For a long time Tolon has been a popular town with holidaymakers looking for a laid-back, family-friendly destination. Of course it has a good beach, but it’s also well-equipped for those wanting to explore the surroundings on bikes or on foot, and watersports enthusiasts can take out canoes or try their hand at windsurfing. Tolon is close to many of Ancient Greece’s famous sites – Corinth, Argos, Mycenae are all within an hour’s drive, as are the seasonal performances at the amphitheatre of Epidavros.
One of the more fascinating historical sites is Ancient Nemea, and the attraction goes far beyond exploring a set of crumbling ruins. Nemea was once home to what is widely thought to be the first Olympic Games. It was here that ancient Greeks would mark major festivals and, for a brief while, pause their perpetual hostilities, putting their efforts instead into athletic competition. Established sources give the starting date of the Nemean Games as 573 BC. The games continued despite the wars which raged around the Peloponnese, although at various times they were moved to nearby Argos. It is thought that Alexander the Great was responsible for the building of the Temple of Zeus and the stadium on which the games were held.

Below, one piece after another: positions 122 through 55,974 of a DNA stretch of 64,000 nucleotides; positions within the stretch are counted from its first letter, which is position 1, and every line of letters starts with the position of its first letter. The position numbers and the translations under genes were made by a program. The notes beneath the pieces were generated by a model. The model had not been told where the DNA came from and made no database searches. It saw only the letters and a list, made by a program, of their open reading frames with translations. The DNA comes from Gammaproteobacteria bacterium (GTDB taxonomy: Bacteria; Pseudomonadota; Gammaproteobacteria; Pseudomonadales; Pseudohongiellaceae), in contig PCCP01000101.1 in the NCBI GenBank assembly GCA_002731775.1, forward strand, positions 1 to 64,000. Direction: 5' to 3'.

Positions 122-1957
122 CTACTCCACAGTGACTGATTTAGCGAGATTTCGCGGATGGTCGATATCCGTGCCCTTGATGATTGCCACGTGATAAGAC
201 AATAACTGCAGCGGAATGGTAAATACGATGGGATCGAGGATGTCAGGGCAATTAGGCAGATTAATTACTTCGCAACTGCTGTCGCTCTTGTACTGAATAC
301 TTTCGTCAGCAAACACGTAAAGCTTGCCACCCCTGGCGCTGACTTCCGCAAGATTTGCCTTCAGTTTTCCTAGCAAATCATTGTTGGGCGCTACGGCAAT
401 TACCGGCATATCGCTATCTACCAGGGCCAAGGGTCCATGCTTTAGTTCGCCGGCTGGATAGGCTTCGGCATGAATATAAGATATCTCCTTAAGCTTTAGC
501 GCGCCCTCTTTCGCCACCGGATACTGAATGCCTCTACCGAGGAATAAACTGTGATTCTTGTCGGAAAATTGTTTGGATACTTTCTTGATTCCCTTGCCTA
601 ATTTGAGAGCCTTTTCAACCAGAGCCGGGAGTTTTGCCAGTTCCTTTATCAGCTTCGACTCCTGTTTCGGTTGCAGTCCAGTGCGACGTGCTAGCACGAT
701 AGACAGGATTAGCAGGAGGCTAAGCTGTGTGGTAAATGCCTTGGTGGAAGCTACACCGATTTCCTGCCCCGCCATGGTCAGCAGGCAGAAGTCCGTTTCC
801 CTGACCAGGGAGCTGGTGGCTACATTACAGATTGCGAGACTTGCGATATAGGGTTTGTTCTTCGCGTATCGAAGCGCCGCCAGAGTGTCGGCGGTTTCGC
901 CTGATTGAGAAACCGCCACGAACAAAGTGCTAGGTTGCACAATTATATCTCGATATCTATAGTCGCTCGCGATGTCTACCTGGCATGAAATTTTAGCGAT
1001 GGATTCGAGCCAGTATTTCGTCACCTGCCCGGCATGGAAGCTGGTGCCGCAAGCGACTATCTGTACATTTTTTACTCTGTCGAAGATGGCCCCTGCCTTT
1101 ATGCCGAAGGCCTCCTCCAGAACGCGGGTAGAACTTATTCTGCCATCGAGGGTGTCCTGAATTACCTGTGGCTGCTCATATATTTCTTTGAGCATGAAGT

Thousands of years went by, and it was in the 197os that the first efforts began to revive the ancient site and return it to its original use. Years of excavation, political manoeuvring and sustained local hard work followed. The first modern Nemean Games took place in 1994, and it’s worth sharing the statement of purpose for the society formed for the revival of the games. It will strike a chord with all those disillusioned by the corporate bankrolling, the drug cheating and the corruption behind so much of modern-day sport.
“It is our belief that the modern Olympic Games, despite their obvious success in many respects, have become increasingly removed from the average person. Our goal is the participation, on the sacred ancient earth of Greece, of anyone and everyone, in games that will revive the spirit of the Olympics. We will achieve this by reliving authentic ancient athletic customs in the ancient stadium of Nemea.”
The Nemean Games take place every four years, a few weeks before the Olympic Games begin. This year the opening ceremony of the Nemean Games will be on the 10th June, with the main events taking place on the following day. Unlike at the games in Rio later in the summer, the visitors’ role isn’t restricted to merely watching the athletes; everyone is free to don a traditional white toga (supplied) and compete in the 100m or the 7.5km runs. Best of all, entrance is free (now there’s the original Olympic spirit in action). If the thought of all that exertion isn’t that tempting, perhaps the prizes will persuade even the most ardent couch potato to get into shape before the event.
Just as in the days of old, winners will receive a crown of wild celery and have a ribbon tied around their heads. Sunvil Chairman Noel Josephides took part in the 2012 Nemean Games and wrote a post about his eventful 100m race.